Explore the Strategy of Outdoor Marketing
It’s a beautiful day at the beach. The waves are crashing (but not too hard), the sun feels great, and it’s a perfectly clear afternoon.
You gaze into the sky, heave a deep breath to take it all in. As you do, a small plane buzzes by, gaining your attention. A banner trails behind it advertising a local seafood restaurant. Sounds appetizing. As you reflect on your hunger, you remember that you saw that name on a few of the billboards driving here, as well as on one of the benches stationed at the back of the beach.
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Deciding that you might as well eat seafood at the beach, you travel to the local restaurant, hoping that its impressive outdoor advertising efforts won't fall short of the quality of its food.
Outdoor marketing, quite simply, is marketing conducted outdoors. Billboards—whether print or digital—comprise about 65 percent of all outdoor marketing, while signs on buses and public benches are also popular locations. There are almost as many venues for outdoor marketing as there are physical locations, but as the above example illustrates, even the sky isn’t immune from outdoor marketing.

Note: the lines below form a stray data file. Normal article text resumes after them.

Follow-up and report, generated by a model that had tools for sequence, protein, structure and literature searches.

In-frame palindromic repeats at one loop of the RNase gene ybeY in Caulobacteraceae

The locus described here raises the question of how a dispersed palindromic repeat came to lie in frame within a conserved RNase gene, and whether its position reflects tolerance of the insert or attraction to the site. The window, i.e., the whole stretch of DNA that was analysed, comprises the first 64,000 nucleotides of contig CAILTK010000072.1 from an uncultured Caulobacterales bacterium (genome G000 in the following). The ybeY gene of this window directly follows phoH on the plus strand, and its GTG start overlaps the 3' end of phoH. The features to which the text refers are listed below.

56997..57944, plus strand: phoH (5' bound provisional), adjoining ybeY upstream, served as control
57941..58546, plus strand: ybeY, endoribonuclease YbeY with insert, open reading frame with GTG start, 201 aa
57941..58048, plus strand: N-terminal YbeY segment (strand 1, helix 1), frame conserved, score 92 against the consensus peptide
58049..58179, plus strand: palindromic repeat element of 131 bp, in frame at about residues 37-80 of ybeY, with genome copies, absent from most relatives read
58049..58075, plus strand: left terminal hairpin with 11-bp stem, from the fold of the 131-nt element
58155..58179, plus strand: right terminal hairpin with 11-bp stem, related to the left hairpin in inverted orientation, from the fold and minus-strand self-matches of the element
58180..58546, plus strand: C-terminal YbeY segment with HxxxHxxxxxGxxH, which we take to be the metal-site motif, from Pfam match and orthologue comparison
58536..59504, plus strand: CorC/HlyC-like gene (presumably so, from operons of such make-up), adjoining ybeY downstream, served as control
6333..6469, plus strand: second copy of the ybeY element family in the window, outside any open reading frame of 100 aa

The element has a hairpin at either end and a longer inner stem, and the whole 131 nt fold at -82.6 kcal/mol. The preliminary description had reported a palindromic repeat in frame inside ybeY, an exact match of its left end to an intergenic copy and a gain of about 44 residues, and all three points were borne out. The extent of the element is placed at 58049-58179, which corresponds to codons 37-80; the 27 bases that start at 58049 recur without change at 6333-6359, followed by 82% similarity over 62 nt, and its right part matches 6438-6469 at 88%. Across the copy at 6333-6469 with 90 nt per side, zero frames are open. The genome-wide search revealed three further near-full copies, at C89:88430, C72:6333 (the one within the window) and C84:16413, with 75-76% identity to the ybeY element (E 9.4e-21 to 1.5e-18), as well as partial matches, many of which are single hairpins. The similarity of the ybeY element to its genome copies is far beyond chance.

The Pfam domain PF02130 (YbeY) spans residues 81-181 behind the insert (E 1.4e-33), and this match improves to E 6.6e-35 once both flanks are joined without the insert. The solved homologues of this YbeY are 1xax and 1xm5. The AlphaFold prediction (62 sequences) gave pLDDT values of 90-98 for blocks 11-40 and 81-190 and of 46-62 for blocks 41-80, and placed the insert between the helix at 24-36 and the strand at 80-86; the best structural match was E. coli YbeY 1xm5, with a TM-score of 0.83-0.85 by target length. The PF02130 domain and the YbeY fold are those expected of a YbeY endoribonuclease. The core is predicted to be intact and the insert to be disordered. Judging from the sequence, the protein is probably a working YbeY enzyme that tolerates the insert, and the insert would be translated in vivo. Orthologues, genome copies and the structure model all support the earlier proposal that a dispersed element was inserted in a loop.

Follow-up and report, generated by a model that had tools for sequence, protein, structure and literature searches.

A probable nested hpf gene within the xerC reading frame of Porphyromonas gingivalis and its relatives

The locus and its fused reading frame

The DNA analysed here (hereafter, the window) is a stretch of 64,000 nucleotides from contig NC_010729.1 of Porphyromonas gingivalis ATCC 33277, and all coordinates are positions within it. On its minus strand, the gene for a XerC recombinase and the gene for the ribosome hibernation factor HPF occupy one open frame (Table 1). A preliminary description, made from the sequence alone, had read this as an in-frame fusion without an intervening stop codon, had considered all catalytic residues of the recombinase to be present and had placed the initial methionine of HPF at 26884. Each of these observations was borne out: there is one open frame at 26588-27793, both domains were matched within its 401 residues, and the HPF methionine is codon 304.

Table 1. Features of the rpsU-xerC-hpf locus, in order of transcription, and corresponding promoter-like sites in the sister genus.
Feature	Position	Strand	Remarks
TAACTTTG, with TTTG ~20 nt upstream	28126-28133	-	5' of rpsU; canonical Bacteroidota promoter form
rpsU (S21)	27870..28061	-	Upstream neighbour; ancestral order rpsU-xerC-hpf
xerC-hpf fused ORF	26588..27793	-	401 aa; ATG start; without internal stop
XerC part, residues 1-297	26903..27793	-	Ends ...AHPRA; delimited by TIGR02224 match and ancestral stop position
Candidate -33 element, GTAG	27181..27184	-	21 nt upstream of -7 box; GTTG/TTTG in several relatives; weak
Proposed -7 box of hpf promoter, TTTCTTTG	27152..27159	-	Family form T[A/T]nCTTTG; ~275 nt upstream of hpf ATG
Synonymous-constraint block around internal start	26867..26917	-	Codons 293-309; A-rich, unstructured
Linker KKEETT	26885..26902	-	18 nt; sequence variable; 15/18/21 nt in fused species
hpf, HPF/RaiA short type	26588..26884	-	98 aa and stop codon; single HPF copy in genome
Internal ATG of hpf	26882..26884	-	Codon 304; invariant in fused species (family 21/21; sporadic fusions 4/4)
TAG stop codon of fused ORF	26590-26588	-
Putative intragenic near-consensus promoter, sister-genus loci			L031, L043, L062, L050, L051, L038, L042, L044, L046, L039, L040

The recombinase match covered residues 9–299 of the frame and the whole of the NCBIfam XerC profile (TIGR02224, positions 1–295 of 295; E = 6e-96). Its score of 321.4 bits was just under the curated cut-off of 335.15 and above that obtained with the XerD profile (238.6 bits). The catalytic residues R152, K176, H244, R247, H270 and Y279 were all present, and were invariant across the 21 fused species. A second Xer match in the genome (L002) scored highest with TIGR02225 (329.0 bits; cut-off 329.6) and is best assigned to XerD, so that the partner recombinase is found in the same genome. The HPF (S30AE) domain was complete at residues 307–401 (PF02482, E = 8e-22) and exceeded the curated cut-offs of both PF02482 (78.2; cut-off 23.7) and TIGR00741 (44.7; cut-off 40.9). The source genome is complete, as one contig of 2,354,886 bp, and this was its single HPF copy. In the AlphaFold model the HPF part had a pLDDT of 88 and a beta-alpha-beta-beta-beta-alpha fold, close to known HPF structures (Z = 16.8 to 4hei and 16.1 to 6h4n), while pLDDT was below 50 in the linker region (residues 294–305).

As marketing in general becomes more ubiquitous—and thus, more competitive—outdoor marketing is also becoming more innovative, and thus has been a common target for guerrilla-marketing tactics. In fact, in October 2011, the Direct Marketing Association staged flash mobs on the streets of New York to promote its free outdoor marketing seminars—and needless to say, significantly improved its event registration numbers.
Although it’s a common strategy for local advertising—and in fact, roughly seven out of every 10 outdoor ads promote local businesses—outdoor marketing is effective for national and international companies as well. And, as we discover every late spring and late fall, outdoor marketing is widely popular in political campaigns, whether the candidate runs to the city council or the U.S. presidency.